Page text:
Zeba Crook argues that there is an emerging consensus that the Gospels are reliable historical narratives by those to have applied ‘memory’ theories to historical Jesus research. Crook argues that this emerging consensus betrays a selective reading of research done on ‘memory distortion’ in interdisciplinary study. This essay demonstrates that Crook misunderstands and misrepresents social memory theory both in and outside Jesus studies. A better understanding would have properly represented the spectrum from theoretical ‘presentism’ to ‘continuitism’ in memory applications/adaptations.
This essay challenges the standard paradigm for the intellectual history of ‘Jesus Quests’ popularized by Albert Schweitzer and mimicked by almost every survey since. I argue that historical reconstruction begins at least with Augustine (perhaps sooner) and with an eye to Jewish-Christian relations. By analyzing key moments in the intellectual history of Jesus studies, I argue that a common thread has been Jewish-Christian relations. This thread suggests that an important (perhaps seminal) impetus for study of the historical Jesus before the Enlightenment and through to the modern period has been largely neglected by the standard ‘Jesus Quests’ paradigm.
In response to the essays by Bauckham, Byrskog, Schröter, and Zimmermann concerning “memory”, Le Donne summarizes and critiques four different applications of mnemonic studies to the Jesus tradition. The author notes the different approaches to sociology relative to memory and argues that both autobiographical memory and collective memory fall under the wider category of social memory. Moreover, contra Bauckham social memory is helpful avenue of study for historical Jesus research once properly understood. Contra Schröter, he argues that the study of the social components of autobiographical memory ought to play a part in scholarship concerning the Gospels. He also challenges the false dichotomy between the “remembered Jesus” and the “historical Jesus” as posed by Zimmermann.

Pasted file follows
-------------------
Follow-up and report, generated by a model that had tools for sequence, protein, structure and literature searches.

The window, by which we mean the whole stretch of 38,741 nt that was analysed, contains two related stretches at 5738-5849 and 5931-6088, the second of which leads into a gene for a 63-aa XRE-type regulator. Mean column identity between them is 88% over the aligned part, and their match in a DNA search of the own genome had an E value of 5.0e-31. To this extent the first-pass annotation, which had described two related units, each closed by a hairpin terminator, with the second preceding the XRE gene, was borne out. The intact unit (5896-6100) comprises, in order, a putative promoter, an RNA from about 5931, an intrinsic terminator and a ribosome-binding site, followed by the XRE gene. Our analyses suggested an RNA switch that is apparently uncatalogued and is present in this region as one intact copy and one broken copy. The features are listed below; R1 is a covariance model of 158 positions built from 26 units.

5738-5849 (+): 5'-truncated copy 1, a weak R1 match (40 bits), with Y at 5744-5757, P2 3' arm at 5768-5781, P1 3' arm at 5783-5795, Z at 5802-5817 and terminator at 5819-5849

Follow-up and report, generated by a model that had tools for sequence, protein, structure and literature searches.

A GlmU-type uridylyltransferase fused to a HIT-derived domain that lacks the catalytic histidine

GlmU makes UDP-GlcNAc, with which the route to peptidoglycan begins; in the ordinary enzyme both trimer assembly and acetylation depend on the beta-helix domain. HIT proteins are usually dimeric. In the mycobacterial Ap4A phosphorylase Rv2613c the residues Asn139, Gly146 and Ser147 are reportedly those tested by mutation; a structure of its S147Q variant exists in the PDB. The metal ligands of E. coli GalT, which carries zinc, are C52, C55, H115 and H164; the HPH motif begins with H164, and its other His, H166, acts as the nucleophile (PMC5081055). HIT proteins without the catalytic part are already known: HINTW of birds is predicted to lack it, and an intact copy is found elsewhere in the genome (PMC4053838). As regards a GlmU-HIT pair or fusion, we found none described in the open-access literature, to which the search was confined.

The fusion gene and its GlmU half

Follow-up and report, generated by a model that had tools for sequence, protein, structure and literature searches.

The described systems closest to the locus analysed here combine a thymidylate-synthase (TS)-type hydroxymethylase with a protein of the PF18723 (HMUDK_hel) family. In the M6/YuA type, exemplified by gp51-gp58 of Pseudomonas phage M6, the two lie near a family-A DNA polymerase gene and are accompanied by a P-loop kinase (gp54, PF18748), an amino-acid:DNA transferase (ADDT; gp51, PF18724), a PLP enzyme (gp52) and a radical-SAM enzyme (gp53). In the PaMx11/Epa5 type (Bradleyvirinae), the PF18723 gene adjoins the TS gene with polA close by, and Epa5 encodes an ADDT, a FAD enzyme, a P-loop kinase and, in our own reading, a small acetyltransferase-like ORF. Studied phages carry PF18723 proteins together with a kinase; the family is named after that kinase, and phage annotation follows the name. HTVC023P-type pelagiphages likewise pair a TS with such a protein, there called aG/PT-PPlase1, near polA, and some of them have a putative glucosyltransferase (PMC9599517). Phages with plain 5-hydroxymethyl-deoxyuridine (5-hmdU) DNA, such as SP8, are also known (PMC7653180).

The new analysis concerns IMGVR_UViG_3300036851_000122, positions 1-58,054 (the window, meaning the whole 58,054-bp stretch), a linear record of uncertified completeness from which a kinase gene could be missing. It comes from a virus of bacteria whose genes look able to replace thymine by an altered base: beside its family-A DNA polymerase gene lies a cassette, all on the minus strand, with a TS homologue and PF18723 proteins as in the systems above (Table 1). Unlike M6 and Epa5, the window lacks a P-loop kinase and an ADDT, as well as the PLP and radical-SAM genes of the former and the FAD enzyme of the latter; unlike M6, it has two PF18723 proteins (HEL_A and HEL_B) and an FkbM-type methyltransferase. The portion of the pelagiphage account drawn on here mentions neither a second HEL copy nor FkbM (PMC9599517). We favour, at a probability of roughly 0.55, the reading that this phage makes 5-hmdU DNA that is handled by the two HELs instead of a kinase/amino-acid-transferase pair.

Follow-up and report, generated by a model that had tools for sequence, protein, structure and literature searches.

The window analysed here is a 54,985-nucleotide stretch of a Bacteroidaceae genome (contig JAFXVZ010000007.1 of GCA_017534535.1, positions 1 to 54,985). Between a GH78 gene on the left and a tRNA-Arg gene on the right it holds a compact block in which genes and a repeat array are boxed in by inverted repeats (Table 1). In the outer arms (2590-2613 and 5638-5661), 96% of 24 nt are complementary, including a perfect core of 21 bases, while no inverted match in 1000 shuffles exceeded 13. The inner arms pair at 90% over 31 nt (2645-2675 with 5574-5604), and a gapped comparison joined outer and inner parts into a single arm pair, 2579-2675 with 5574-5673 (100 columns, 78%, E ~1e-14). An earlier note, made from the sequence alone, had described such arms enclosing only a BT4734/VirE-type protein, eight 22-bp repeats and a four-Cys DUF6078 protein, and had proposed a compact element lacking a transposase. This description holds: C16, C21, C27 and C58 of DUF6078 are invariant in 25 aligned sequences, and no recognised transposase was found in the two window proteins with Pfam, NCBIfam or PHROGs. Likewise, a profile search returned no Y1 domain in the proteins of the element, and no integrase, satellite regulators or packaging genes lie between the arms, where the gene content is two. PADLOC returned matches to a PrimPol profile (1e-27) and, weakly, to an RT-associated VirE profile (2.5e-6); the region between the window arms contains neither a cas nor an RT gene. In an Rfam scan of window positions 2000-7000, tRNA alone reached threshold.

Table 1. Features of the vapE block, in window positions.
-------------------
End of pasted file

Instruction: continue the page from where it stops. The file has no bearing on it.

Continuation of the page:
This article surveys a cultural phenomenon in American popular media that complicates how the historical Jesus is received: fake news. It suggests that fake Jesus news relates to the problems we face in Donald Trump-related political discourse. Moreover, the present political climate will make it even more difficult for professional historians to be heard and trusted by the general public.